The Democratic Alliance (DA) notes the National Health Insurance (NHI) Bill which was tabled in Parliament.
As anticipated, the Bill has not changed much since the first problematic version was tabled during the 5th Parliament.
The Bill, as it stands will not in anyway, be able to achieve universal health coverage.
The DA is convinced that instead of being a vehicle to provide quality healthcare for all, this Bill will nationalise healthcare, create another State Owned Enterprise and be an additional tax burden to already financially- stretched South Africans.
There are four main problematic elements of this Bill:
The establishment of the National Health Insurance Fundas a public entity or State-Owned Enterprise- the bill explicitly states that the Fund will operate as a public entity which will be constituted by the pooling of funds both from the public and private sector. The minister has sole discretionary powers over this fund. In addition, the board which is appointed by the minister, will be tasked with overseeing this Fund which means there are absolutely no checks and balances.
This fund will be nothing more than another SOE that will be completely vulnerable to grand corruption at the expense of the nation’s entire health system.
The nationalisation of healthcare and clear erosion of provincial powers – the Bill completely centralises the provision of healthcare by placing the management of all central hospitals under the national department. This is an undermining of the provincial powers as enshrined in the National Healthcare Act of 2003. This will mean the equitable share of funds to provincial departments is reduced to finance the Fund and will undeniably mean poorer health outcomes for ordinary South Africans.
The additional tax burden that will be imposed on South Africans – the financing model of this Bill will mean the removal of the tax credit benefit afforded to medical aid clients and in addition, impose tax on ordinary South Africans to fund an SOE which is likely open to public looting. As unemployment continues to reach crisis levels, more and more people are battling to sustain a living in South Africa. This additional burden is avoidable under a different financing model.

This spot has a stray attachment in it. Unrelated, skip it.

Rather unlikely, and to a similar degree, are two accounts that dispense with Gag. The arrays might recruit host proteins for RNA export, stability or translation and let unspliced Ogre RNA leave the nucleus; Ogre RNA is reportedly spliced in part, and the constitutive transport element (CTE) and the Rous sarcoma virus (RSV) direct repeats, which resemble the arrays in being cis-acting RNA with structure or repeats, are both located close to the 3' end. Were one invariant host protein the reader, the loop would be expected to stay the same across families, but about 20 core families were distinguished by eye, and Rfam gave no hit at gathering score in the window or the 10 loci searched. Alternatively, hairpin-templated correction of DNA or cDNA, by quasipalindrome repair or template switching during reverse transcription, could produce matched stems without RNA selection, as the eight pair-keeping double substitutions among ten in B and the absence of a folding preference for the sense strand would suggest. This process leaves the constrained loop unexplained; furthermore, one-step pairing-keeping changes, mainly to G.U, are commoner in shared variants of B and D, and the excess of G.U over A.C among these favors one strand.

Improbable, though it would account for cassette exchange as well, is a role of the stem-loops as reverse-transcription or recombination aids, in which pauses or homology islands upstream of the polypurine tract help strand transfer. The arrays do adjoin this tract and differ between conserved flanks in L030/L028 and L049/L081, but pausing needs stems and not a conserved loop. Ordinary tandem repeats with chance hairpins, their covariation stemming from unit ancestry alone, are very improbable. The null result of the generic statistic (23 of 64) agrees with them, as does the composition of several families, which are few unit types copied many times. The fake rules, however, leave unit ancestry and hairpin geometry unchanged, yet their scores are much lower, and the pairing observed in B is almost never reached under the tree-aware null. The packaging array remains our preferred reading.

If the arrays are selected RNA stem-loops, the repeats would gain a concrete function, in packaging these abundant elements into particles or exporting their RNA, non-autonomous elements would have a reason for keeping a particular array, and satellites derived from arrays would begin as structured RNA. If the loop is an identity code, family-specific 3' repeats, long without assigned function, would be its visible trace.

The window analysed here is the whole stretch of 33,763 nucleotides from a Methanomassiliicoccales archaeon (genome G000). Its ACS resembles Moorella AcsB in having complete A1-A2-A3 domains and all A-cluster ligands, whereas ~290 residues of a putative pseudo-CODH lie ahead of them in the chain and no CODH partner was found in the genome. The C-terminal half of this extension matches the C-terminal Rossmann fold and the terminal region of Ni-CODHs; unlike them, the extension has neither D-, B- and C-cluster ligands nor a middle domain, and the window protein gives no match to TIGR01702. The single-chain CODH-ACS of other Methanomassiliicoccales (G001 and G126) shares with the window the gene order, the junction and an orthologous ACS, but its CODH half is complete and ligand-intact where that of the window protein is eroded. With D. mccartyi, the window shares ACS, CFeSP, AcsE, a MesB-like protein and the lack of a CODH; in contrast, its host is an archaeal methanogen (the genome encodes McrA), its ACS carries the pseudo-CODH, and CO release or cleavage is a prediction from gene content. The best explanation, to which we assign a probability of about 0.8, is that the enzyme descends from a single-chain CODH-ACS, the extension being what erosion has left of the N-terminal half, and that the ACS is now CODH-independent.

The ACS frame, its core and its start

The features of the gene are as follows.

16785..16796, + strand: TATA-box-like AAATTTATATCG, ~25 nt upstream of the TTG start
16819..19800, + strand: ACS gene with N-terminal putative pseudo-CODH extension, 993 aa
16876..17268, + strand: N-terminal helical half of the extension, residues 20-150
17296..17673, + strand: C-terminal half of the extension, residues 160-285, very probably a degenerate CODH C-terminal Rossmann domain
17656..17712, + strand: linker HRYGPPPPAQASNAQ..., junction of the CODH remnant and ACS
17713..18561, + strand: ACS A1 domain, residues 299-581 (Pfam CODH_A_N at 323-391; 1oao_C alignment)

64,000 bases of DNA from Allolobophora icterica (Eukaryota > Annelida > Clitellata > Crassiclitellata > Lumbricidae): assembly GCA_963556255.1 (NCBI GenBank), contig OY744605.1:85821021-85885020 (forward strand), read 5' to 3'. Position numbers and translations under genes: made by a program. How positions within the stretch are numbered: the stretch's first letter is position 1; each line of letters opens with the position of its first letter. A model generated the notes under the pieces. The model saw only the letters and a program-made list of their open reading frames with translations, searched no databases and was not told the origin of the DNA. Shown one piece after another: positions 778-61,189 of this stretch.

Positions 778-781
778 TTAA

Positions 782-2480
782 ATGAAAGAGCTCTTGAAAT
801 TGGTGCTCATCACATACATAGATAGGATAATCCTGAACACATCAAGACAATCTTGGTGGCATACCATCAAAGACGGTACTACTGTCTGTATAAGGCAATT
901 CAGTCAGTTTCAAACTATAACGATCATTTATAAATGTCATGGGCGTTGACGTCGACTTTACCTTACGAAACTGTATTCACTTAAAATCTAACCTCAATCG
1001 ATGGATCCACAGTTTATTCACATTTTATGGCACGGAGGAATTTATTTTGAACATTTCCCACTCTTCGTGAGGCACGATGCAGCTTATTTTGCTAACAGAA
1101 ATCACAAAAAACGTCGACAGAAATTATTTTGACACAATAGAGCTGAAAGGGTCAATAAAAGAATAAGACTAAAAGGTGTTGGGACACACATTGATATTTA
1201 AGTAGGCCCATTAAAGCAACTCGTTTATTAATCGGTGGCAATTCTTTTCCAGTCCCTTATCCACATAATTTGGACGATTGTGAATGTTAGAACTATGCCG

The complete removal of choice for South Africans – this Bill removes the autonomy of South Africans entirely. It mandates the national department of health as the sole provider of healthcare in the country while all private healthcare providers will be contracted by the state.This means that there is absolutely no choice for people on which services to purchase nor will there ever be competition to drive up the quality of healthcare. Medical aids will cease to be useful as the model makes the state the only provider of healthcare in the country.
The DA’s Sizani Universal Healthcare Plan:
In contrast to the NHI, the DA’s Sizani Universal Healthcare will truly achieve providing South Africans with quality health care, thus achieving Universal Healthcare in line with global trends.
The DA plan would ensure the following:
- It will be funded through the current budget envelop which would include the tax benefit afforded to medical aid clients;
- It would strengthen primary healthcare as the interface of health with many communities;
- It would invest heavily in the provision of maternal and child health services and the training and provision of healthcare professionals;
- It would reinforce the powers of the provinces by ensuring that they are funded and equipped to provide quality healthcare to all;
- Through these interventions, all South Africans would have access to a quality health system that provides them with a standard package of care across all facilities;
- Medical aid companies would be used as a top up measures for those South Africans who choose to use them and who can afford to do so;
- Ultimately this system would increase competition, drive up quality and afford every South African the choice of which medical provider they wish to use.
The DA will fight these problematic elements of this legislation in Parliament. We will request an urgent meeting of the portfolio committee meeting as soon as parliament resumes so that the Minister and the department can do a line-by-line analysis if this Bill. We will lobby civil society and members of the public to take a stand against this Bill in its current form and we will use every avenue available to us to ensure that this disastrous bill does not destroy the health system and the South African economy.